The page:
Teachers are at the heart of education, and their valuable work must also lead to better salaries and working conditions, the heads of three UN agencies and a partner organisation said on Wednesday.
They made this statement as part of their joint message to mark World Teachers’ Day, celebrated annually on 5th October.
The international community has committed to transform education – a process that must be led by teachers.
That’s the firm belief expressed by Audrey Azoulay, Director-General of UN educational and cultural agency (UNESCO); Gilbert F. Houngbo, Director-General of the International Labour Organisation (ILO); Catherine Russell, Executive Director at the UN Children’s Fund (UNICEF), and David Edwards, Secretary-General of Education International.
“Today, on World Teachers’ Day, we celebrate the critical role of teachers in transforming learners’ potential by ensuring they have the tools they need to take responsibility for themselves, for others and for the planet,” they said.
“We call on countries to ensure that teachers are trusted and recognised as knowledge producers, reflective practitioners, and policy partners.”
The COVID-19 pandemic has revealed that teachers are the engines at the heart of global education systems, the statement said.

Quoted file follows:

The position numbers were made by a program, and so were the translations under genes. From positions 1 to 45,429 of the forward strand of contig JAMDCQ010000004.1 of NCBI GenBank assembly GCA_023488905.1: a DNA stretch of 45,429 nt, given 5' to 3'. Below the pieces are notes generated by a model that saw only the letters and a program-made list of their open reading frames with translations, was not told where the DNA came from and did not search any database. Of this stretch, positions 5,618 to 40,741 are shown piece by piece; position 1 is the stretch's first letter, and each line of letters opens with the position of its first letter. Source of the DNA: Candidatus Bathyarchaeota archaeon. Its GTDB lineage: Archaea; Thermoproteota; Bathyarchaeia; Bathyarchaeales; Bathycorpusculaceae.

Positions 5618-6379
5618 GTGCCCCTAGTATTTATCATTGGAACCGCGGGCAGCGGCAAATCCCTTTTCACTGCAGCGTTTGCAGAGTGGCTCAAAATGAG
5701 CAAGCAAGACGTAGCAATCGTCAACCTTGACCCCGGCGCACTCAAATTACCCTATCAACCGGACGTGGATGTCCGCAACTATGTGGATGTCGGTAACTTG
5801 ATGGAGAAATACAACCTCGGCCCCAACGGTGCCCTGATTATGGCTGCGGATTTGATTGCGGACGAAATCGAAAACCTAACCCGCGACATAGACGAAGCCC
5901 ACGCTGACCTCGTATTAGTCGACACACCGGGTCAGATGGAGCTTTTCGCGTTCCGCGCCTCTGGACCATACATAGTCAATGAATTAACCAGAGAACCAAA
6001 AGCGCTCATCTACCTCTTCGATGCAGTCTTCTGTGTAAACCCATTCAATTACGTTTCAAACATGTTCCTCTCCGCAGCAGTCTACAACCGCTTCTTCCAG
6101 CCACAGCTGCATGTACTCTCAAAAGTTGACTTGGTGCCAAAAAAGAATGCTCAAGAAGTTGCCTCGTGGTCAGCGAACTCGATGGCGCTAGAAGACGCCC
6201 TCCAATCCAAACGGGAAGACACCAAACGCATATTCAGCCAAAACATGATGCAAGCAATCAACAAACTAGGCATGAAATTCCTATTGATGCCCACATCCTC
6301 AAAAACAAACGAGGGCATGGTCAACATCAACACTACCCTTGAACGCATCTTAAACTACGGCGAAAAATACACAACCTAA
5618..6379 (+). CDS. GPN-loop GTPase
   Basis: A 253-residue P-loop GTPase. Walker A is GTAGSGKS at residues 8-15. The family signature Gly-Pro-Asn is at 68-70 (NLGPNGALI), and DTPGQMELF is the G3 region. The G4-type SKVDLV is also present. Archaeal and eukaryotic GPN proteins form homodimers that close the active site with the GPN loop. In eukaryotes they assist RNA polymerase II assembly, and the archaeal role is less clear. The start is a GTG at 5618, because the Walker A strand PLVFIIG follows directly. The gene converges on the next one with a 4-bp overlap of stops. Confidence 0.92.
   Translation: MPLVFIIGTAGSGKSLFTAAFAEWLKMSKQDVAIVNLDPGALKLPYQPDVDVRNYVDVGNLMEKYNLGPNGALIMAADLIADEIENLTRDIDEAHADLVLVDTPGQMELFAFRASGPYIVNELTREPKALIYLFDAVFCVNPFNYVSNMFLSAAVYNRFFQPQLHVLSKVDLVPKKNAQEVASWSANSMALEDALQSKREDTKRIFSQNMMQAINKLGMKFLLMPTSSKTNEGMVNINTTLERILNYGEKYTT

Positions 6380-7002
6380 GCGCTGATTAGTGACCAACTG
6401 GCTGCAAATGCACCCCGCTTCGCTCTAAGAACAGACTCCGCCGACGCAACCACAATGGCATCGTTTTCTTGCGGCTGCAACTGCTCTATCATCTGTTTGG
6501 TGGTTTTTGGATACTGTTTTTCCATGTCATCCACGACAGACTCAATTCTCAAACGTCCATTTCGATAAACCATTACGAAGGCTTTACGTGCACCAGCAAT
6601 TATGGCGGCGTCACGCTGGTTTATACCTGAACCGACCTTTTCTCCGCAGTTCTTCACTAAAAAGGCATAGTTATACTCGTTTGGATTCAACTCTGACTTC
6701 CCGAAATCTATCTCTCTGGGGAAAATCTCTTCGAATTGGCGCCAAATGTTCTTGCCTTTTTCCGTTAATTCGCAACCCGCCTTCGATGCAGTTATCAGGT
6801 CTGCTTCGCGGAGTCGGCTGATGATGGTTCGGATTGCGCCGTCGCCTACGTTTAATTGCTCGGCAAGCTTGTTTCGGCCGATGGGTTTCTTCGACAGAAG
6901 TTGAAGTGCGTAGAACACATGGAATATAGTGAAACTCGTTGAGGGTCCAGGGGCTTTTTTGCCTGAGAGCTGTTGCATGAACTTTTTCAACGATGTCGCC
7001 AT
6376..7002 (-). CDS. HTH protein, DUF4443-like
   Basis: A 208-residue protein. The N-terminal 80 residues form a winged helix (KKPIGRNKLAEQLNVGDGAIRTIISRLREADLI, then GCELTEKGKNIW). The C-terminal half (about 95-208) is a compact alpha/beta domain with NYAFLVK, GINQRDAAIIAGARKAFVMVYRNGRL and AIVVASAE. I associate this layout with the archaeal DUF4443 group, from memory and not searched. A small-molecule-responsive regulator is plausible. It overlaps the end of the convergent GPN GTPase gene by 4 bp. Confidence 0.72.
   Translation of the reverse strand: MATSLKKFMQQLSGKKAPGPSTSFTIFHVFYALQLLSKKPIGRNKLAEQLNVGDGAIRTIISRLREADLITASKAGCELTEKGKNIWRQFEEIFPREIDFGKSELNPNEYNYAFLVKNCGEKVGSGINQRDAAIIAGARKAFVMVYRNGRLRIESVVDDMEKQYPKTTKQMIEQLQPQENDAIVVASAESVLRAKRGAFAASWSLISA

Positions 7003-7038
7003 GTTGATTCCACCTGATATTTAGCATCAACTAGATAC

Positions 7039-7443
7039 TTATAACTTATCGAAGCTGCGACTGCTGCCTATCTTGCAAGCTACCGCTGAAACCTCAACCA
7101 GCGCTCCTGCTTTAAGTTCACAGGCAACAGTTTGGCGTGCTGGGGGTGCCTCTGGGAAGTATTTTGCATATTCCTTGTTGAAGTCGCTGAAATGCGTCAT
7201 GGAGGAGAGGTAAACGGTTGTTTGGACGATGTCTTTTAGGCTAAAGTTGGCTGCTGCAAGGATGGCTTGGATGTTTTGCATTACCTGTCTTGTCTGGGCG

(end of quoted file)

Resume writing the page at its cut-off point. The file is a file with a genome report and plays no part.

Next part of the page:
Without them, it is impossible to provide inclusive, equitable and quality education to every learner. Teachers are also essential to pandemic recovery and preparing learners for the future.
“Yet unless we transform conditions for teachers, the promise of that education will remain out of reach for those who need it most,” the partners warned.
They recalled that the Transforming Education Summit, held last month at UN Headquarters, reaffirmed that transformation requires the right number of empowered, motivated and qualified teachers and education personnel in the right place with the right skills.
However, in many parts of the world, classrooms are overcrowded, they said, and teachers are too few, on top of being overworked, demotivated and unsupported.
As a result, an unprecedented number are leaving the profession. There has also been a significant decline in people studying to become teachers.
“If these issues are not addressed, the loss of a professional teaching corps could be a fatal blow to the realization of Sustainable Development Goal 4,” they warned, referring to global efforts to ensure quality education for all, by 2030.
Furthermore, teacher loss disproportionately affects students in remote or poor areas, as well as women and girls, and vulnerable and marginalized populations.
The partners pointed to recent estimates which reveal an additional 24.4 million primary school teachers will be needed globally, along with some 44.4 million secondary education teachers, if the world is to achieve universal basic education by the end of the decade.
Sub-Saharan Africa and Southern Asia alone will require 24 million more teachers, roughly half the number of new teachers needed in developing countries.
“Therefore, bringing qualified, supported and motivated teachers into classrooms – and keeping them there – is the single most important thing we can do to improve the learning and wellbeing of students and communities,” said the partners.
“The valuable work that teachers do must also be translated into better working conditions and pay.”
Source: Emirates News Agency